The grandfather and uncle start bickering, loudly, in public, about
what to do with the boy and his dollar. Soon another uncle rushes into
the fray, proclaiming it is pointless to give the boy a dollar because
all the workers are already busy helping other fairgoers. "He can't
buy anything anyway, and if he tries, he will just drive up prices for
all his cousins." The discussion becomes increasingly heated, drawing
the boy's cousins away from the rides. The lights and noise of the fair
fade as lines dwindle and the rides grow silent.
All the while, the confused boy is wondering why his father just
stands there, refusing to criticize the grandfathers and uncles even as
the argue increasingly silly positions. Finally, the father, realizing
the boy's confusion, turns to him and says "Reaching consensus in the
family is always more important than the fair." The arguing continues
as employees begin to turn off the rides, one by one.
This, I believe, is an apt analogy of the current state of monetary
policy. A policy that is supporting disinflationary expectations simply
because it lacks a credible commitment to any other outcome.
policy lack a credible commitment?
First, as I think has been clear from day one of the Fed's quantitative
easing policy, policymakers eagerly await the opportunity to reduce the
balance sheet - the expansion of the balance sheet was never intended
to yield a permanent increase in the money supply, and as such should
have had little impact on long run expectations. As recently as Federal
Reserve Chairman Ben Bernanke's July
policymakers were stressing the ability of the Fed to reduce the
balance sheet, clearly much more concerned about the inflationary
potential of their actions than the ongoing disinflationary impact of
being stuck at a subpar equilibrium. Only recently has attention
turned to the possibility of additional action, and then only under
critical pressure. When additional action is taken, it will almost
certainly be in the context of a temporary action, the Fed will stand
ready to withdraw the stimulus should it look like economic agents are
having any fun with that infusion of cash.
Moreover, I do not believe the swelling of the balance sheet - albeit
massive in the eyes of policymakers - sufficed to convince market
participants that the Fed was committed to maintaining inflation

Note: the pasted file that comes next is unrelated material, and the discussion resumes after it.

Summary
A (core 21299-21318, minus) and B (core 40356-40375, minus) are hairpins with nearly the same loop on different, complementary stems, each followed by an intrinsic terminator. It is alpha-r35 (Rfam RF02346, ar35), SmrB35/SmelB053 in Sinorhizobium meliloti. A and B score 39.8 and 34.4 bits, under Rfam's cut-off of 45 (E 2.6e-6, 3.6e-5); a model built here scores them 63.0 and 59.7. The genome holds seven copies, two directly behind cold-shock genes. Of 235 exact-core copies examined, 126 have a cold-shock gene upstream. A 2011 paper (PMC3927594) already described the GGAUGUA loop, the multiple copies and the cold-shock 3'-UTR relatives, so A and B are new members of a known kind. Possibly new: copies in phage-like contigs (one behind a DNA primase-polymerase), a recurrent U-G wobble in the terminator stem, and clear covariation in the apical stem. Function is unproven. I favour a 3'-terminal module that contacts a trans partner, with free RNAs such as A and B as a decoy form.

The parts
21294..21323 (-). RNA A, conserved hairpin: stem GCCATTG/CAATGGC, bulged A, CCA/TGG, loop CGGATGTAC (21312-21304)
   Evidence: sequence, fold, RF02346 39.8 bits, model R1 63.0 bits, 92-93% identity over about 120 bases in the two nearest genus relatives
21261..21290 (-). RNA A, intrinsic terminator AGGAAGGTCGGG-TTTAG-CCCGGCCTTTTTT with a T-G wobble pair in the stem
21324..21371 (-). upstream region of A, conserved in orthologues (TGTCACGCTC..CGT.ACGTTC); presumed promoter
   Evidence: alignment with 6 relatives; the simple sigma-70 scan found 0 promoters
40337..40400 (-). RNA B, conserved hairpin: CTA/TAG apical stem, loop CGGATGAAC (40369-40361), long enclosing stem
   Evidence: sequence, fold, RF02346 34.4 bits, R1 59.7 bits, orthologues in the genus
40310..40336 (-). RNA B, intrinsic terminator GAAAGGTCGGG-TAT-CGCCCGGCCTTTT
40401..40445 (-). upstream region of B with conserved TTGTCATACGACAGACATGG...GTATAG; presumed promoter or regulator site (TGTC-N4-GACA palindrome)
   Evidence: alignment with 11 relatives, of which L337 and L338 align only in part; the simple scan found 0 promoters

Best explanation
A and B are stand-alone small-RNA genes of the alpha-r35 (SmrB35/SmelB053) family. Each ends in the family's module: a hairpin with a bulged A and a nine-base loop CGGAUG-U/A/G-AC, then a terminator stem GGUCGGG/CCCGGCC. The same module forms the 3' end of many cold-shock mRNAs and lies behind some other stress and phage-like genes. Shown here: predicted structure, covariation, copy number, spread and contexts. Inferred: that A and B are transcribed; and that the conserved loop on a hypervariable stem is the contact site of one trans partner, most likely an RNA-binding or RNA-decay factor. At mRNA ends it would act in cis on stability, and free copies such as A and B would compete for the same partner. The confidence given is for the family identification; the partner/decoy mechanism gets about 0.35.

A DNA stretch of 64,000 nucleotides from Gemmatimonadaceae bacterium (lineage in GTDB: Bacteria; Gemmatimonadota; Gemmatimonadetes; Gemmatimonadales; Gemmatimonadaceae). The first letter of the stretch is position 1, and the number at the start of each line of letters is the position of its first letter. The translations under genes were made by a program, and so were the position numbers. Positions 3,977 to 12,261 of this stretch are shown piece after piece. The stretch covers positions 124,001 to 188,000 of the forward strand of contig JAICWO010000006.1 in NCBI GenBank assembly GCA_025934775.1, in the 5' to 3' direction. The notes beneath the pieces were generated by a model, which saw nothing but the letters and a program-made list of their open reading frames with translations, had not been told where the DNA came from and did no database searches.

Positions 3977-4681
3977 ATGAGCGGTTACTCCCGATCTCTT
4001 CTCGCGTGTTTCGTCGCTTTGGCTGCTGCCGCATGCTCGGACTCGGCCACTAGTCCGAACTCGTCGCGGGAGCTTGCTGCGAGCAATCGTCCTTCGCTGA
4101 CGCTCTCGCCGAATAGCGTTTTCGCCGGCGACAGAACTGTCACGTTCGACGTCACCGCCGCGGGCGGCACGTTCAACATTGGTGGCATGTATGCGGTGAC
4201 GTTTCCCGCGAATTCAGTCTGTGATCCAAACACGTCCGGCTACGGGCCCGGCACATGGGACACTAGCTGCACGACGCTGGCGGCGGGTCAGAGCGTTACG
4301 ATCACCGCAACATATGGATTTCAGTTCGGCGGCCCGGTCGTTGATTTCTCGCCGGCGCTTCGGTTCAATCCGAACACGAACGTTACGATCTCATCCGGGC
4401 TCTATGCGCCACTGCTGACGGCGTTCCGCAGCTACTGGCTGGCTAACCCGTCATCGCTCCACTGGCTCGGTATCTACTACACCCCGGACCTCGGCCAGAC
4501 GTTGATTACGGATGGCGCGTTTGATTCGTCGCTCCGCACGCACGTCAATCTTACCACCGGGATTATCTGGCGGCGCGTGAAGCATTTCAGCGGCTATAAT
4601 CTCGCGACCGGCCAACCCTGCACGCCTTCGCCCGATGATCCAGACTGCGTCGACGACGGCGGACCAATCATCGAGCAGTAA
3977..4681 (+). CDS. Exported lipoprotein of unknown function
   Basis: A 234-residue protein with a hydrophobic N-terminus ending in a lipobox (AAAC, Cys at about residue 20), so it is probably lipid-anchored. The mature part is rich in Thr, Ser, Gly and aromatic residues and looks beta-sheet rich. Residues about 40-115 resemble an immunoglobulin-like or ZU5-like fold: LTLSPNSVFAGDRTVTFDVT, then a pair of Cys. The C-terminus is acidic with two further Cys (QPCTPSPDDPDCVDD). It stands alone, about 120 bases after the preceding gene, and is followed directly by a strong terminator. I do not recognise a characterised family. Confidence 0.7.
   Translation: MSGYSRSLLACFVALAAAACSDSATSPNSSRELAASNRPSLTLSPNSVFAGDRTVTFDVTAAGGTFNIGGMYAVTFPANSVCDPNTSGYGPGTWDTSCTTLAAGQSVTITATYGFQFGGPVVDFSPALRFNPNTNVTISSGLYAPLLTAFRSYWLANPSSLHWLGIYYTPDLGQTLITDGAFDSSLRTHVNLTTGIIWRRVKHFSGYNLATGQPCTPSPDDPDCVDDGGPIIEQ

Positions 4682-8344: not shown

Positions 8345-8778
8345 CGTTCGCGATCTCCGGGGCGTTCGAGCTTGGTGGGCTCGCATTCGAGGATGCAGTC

expectations. St. Louis Federal Reserve Chairman James Bullard, in his "Seven Faces"
paper, claims that the suggestions that the appropriate Federal Funds
target should have been negative 6% are "nonsensical." And, of course,
in a sense they are - zero is indeed the lower bound. But economists
suggested estimates of the quantitative equivalent of negative 6%,
perhaps something on the order of a balance sheet expansion to $10
trillion, far beyond what Fed policymakers found tolerable. And I think
that big number was important - it gave an indication of the size of
monetary commitment consistent with previous policy response. The
failure to meet that commitment could reasonably be interpreted by
market participants as an indication the Fed was willing to accept the
disinflationary impact of the Great Recession, perhaps so far as seeing
the event as another opportunity for opportunistic disinflation.
Moreover, any sense that the policy action to date was acceptably
insufficient was reinforced by the Fed's own forecasts, which undeniably
reveal an expectation that policymakers anticipate an agonizingly long
recovery, yet decline to add additional stimulus. Recall that the most
recent FOMC decision only prevents premature tightening of policy, not a
stimulus boost. Moreover, consider Bullard's
Continue reading "Fed Watch: The Fair" »
Posted by Mark Thoma on Monday, September 13, 2010 at 12:42 AM in Economics, Fed Watch, Monetary Policy |
Posted by Mark Thoma on Sunday, September 12, 2010 at 11:02 PM in Economics, Links |
Is Boehner backing off his position that the tax cuts for the wealthy must be
Leader Signals He’s Open to Obama Tax Cut, by David Herszenhorn, NY Times:
The House Republican leader, Representative John A. Boehner of Ohio, said on
Sunday that he was prepared to vote in favor of legislation that would let the
Bush-era tax cuts expire for the wealthiest Americans if Democrats insisted on